Tag Archives: Ashbourne Telegraph

August 17, 1917

The columns of the Ashbourne Telegraph once more brought readers news of sons of the town, killed in action in the fields of France or Belgium. This time it struck still closer to home. Private Claude Boden had been a … Continue reading

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August 3, 1917

One of the first men in his village to volunteer for military service, on August 14, 1914, was Tom Hadfield. From a home and job in Parwich, Hadfield signed up with the 1st Lincolns and found himself involved in some … Continue reading

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July 27, 1917

July 27, 1917 In the 21st century, news of bereavement is often shared via social media, but before the advent of such digital technology the local paper was the first port of call for those intent on broadcasting their loss. … Continue reading

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July 20, 1917

News reached the town of a military promotion for a young Ashbournian. Private FS Coates, son of Mr and Mrs CH Coates of The Square, had been granted a commission in the Royal Flying Corps. Previously apprenticed to chemist James … Continue reading

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June 29, 1917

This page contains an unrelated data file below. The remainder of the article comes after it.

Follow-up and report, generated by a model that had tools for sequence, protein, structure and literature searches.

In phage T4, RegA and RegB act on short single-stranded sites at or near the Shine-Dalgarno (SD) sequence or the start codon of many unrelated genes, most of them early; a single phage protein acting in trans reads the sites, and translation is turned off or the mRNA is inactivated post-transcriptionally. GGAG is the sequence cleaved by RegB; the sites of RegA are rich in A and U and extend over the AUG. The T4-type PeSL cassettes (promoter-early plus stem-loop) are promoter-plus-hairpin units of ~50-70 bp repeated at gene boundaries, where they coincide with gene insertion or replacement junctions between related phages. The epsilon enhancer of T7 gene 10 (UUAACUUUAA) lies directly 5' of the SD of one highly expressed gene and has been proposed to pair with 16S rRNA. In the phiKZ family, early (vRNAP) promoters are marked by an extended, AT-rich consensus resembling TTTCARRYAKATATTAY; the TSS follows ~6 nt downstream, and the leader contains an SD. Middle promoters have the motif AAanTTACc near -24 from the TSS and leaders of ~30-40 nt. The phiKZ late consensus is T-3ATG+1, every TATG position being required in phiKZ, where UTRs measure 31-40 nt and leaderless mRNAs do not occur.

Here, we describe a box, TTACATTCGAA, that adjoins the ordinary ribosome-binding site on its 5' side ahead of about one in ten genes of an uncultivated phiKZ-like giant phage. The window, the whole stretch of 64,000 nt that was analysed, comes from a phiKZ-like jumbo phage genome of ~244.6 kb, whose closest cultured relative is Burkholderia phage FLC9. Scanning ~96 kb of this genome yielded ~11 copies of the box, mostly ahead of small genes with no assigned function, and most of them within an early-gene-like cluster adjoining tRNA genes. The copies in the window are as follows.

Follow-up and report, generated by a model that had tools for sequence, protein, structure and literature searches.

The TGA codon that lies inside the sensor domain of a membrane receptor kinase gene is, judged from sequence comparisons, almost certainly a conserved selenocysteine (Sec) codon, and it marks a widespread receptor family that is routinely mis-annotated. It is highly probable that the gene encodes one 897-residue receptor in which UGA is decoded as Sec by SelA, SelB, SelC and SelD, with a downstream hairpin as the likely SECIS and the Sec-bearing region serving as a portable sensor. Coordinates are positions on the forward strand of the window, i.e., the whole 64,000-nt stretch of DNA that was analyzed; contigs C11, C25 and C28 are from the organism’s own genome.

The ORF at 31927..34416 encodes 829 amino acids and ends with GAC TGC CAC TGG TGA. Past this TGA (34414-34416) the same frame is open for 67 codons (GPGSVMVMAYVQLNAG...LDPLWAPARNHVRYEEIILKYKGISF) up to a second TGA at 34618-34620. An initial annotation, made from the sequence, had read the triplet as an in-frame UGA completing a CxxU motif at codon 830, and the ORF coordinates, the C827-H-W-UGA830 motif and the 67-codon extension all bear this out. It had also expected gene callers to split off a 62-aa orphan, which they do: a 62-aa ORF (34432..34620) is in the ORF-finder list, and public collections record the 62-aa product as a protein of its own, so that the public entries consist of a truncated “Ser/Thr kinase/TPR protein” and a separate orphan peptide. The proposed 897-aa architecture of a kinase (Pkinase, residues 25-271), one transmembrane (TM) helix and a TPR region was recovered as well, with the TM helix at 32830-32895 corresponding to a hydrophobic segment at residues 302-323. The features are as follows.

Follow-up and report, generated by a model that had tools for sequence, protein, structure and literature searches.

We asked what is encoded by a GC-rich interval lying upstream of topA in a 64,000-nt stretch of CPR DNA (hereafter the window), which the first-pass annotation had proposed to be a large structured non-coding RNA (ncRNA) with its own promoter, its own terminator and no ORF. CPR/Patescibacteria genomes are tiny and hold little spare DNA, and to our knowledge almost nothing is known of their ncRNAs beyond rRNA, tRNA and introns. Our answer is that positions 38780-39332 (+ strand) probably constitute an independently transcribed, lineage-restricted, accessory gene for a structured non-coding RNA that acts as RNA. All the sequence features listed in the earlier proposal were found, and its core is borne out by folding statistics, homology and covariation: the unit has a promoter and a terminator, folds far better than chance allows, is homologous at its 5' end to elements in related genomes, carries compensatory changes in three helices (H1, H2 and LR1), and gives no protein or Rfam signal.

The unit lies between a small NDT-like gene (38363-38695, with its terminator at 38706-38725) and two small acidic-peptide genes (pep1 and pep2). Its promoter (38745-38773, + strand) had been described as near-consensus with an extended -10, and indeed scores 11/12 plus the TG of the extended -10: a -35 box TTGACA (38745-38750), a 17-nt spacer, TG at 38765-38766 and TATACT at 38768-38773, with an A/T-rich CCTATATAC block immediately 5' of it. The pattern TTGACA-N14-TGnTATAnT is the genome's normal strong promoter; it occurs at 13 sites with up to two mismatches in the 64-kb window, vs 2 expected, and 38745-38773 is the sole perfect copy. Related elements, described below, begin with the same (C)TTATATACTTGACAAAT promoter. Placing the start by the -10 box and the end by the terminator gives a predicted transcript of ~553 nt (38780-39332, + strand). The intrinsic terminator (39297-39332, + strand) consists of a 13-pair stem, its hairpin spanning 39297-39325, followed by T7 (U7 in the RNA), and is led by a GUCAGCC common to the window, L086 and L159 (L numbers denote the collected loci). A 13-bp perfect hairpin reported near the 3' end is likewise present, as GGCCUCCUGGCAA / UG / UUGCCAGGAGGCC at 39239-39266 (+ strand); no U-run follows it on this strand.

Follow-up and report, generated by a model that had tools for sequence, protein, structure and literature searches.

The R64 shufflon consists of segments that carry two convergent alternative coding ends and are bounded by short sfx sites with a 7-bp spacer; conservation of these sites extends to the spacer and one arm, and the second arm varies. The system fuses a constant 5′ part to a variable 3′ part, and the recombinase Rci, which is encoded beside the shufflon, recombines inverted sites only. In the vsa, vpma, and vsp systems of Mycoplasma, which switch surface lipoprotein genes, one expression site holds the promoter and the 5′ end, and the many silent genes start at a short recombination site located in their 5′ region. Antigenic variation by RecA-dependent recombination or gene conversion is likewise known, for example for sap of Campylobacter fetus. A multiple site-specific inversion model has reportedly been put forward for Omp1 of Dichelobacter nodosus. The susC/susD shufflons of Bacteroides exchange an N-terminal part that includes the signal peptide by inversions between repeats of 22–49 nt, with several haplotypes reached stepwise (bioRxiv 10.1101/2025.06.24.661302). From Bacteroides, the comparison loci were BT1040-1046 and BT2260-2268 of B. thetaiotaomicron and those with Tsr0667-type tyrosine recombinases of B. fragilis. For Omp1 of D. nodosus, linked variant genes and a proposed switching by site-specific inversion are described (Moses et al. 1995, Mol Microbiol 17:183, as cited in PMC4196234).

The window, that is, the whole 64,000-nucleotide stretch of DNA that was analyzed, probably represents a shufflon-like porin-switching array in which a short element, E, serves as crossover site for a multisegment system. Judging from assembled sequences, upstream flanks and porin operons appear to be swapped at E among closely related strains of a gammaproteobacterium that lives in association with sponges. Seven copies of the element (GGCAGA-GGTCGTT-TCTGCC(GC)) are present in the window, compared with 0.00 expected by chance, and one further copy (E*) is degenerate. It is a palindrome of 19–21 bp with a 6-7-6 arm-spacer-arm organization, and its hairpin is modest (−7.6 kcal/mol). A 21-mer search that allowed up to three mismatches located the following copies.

The deaths of two village men was the most prominent news item in the Ashbourne Telegraph as June drew to a close in the summer of 1917. Private George Mellor of the Scottish Rifles had been killed in action in … Continue reading

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June 22, 1917

Not for the first time, the reporting of war-related items at home took precedence over news from the front this week in 1917. Although there was news of a soldier being killed in action, far greater space was devoted to … Continue reading

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June 15, 1917

Many soldiers fell, their bodies never to be recovered, during the Great Push launched on July 1, 1916, and now better known as the Battle of The Somme. One such man was Private PV Mellor of Osmaston. Mellor’s ‘aged father’ … Continue reading

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June 1, 1917

Men in the trenches on the front line endured terrible conditions, but by all accounts enjoyed remarkable camaraderie amid the horrors of war. Back home their loved ones waited in fear and trepidation. Each day the arrival of the postman … Continue reading

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May 18, 1917

Tributes were paid to four men from the Ashbourne District who had lost their lives in uniform, and a fifth, feared dead, missing in action for a month. Private Albert Hudson, a young man “who knew no fear” had been … Continue reading

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April 27, 1917

An Ashbourne veteran of the South African War who joined the 18th Hussars in the early days of The Great War was reported to have been killed in action in France. Trooper Fred Courtman, of Mayfield Road, left a wife … Continue reading

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